The impact of Brexit on Foodservice Suppliers?
Many of us are asking how this will effect the catering industry, food prices, manufacturing and the broad food industry.
5 months ago yesterday – the UK took to the polls and voted out of the European Union with a little bit of uncertainty. Without taking political side effects into consideration, what does it really mean for food service operators and food service manufacturers? Many campaigned for a recall and that the British didn’t know exactly what it was that they were voting for [Checkout this Youtube Video]
Going back to our questions above – what was once the worry of food service operators and manufacturers seems to be changing for the British as optimism and spending has seen a sharp increase according to this report by Evening Standard.
Some of the worries and challenges were: Sourcing Labor, Ingredient imports, and trade barriers which seem to have been just a bad dream which never even occurred. Today the culinary scene however seems to be flourishing all across the UK as lunch and dinner seats remain full. But what about exports from the UK? We asked Tim Taylor of Eco-Catering UK
We have seen an increase in export enquiries, it has been noticeable. Particularly from the middle east and other European countries. This is to be expected when the pound is so weak. It’s great news for export but the flip side is the costs of the equipment are increasing. Costs that we have not been able to swallow and have had to pass on to our customers. That’s never great, people never like cost increases.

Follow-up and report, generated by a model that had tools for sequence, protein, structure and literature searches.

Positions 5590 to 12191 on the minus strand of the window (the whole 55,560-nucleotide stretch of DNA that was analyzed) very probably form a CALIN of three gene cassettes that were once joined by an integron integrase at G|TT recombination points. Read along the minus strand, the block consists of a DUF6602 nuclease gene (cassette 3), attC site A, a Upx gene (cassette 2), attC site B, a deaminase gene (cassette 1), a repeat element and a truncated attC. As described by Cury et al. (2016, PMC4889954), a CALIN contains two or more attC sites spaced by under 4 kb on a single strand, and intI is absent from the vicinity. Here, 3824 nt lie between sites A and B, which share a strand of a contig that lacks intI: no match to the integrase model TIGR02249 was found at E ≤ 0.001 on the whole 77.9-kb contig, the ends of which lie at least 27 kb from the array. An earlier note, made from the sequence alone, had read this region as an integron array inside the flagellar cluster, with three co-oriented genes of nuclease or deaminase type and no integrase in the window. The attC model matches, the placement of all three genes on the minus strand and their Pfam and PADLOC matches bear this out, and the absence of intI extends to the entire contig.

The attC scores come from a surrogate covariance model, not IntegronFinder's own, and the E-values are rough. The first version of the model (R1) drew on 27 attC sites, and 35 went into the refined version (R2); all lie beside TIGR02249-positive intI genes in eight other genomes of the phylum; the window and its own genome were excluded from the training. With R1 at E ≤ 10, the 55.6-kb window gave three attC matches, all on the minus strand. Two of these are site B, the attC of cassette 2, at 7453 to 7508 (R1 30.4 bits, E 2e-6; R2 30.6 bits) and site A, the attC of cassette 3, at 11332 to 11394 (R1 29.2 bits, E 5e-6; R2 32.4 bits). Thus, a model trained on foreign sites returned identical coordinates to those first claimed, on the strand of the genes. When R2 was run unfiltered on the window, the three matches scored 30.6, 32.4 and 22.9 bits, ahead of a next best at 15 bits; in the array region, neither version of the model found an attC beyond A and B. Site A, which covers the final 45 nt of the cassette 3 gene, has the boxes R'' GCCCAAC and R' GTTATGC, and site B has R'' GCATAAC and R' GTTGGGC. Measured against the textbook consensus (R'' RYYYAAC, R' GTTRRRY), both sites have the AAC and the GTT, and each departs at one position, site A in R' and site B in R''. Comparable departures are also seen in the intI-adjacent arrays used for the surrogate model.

While the thought of manufacturing exports may keep some British happy (as 1 Euro equaled 85 pence) Ireland wasn’t so happy about Brexit from the start. The currency put Ireland in a Scare as many businesses began to review their supply chains. The UK is Ireland’s biggest client for food and drink products. While the sterling weakened against the euro this meant that there would be a loss in sales of over 700 million euro which could turn into a further loss of over 7,500 jobs according to the FDII [Click Here for more]
Phillip Hammond – British conservatives politician mentioned the need for an “urgent” need to tackle long term weakness as UK’s budget watchdog slashed forecasts for next year’s growth from 2.2% to 8% due to uncertainty of the Brexit fallout.
Our 2 pence – keep innovating and re-investing in your own business. For food service operators and manufacturers/service providers, everyone has to eat – the question is what are you doing to accommodate the new changes?